In the past few months alone we’ve seen thousands of senior health officials online credentials ‘dumped across twitter’, Universities supporting in efforts to create a vaccine targeted by criminals trying to steal their research and the World Health Organisation themselves experienced a fivefold increase in targeted attacks.

So another thing that Covid-19 has taught us, is that the people attacking and distributing these types of bombardments; do not discriminate. And every business is at risk.”


“Without disrespectful intent, does your organisation harbour the technical expertise to ensure effective use of technology to mitigate these new threats and risks? If not, should you have to employ and pay for that type of inhouse talent to help your business survive this new reality?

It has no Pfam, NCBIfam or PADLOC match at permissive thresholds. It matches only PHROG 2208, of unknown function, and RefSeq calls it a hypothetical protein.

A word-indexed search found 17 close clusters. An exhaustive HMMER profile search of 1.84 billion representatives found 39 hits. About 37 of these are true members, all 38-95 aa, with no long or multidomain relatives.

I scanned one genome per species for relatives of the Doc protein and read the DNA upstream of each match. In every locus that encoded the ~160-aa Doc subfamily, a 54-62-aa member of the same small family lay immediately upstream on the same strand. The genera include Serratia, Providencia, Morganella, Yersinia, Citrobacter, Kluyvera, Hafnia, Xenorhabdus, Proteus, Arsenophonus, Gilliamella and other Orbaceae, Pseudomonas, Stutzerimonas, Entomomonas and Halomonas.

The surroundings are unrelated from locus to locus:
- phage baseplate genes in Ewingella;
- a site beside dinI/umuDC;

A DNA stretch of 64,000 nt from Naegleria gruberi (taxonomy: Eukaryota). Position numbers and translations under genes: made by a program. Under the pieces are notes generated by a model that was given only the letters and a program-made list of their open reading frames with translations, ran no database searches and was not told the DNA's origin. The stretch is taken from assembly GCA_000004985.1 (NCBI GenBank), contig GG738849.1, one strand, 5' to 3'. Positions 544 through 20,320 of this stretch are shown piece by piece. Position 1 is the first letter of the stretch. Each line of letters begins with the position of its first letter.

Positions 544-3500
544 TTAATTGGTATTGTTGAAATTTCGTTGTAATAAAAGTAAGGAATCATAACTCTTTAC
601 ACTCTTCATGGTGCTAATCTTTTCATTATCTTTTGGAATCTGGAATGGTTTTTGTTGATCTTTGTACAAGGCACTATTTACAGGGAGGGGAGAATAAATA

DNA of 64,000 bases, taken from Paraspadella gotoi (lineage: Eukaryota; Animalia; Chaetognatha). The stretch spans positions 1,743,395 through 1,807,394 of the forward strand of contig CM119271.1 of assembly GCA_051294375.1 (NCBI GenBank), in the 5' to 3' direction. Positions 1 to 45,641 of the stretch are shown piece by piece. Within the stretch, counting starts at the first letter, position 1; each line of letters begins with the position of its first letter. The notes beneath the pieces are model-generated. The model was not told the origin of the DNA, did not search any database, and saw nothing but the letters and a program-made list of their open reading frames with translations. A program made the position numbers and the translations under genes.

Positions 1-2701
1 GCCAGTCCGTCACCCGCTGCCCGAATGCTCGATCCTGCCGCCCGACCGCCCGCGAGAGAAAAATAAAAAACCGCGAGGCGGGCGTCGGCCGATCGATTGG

While it is clear these are unprecedented times and allowances have been made across the board to support the economy and all contributing factors, those compliance and regulatory sanctions are still very much upheld.

The Information Commissioner’s Office is still enforcing the regulations surrounding data protection and GDPR. And the disbursement of staff and abundant additions of systems used to access and process data has made adhering to these stipulations all the more complex.”


“What Covid-19 has taught us all is that, at a time where we need a level of technological capability, flexibility and transformation, we cannot afford to be passing up the knowledge of the experts.

We need the proactive support of experts to remotely scope out the threats, guide us through these crazy times and most importantly, help – regardless of the situation. Now, more than ever, we need our MSP’s.”

MSP's - Driving the new normal

Supporting you with the "new normal"

Whatever this terms means to you – PCS is here to help. For advice and support on how you can navigate business & your technology post Covid-19, get in touch! Call us on 0333 150 6780, email or fill out the contact form below and a member of the team will be in touch.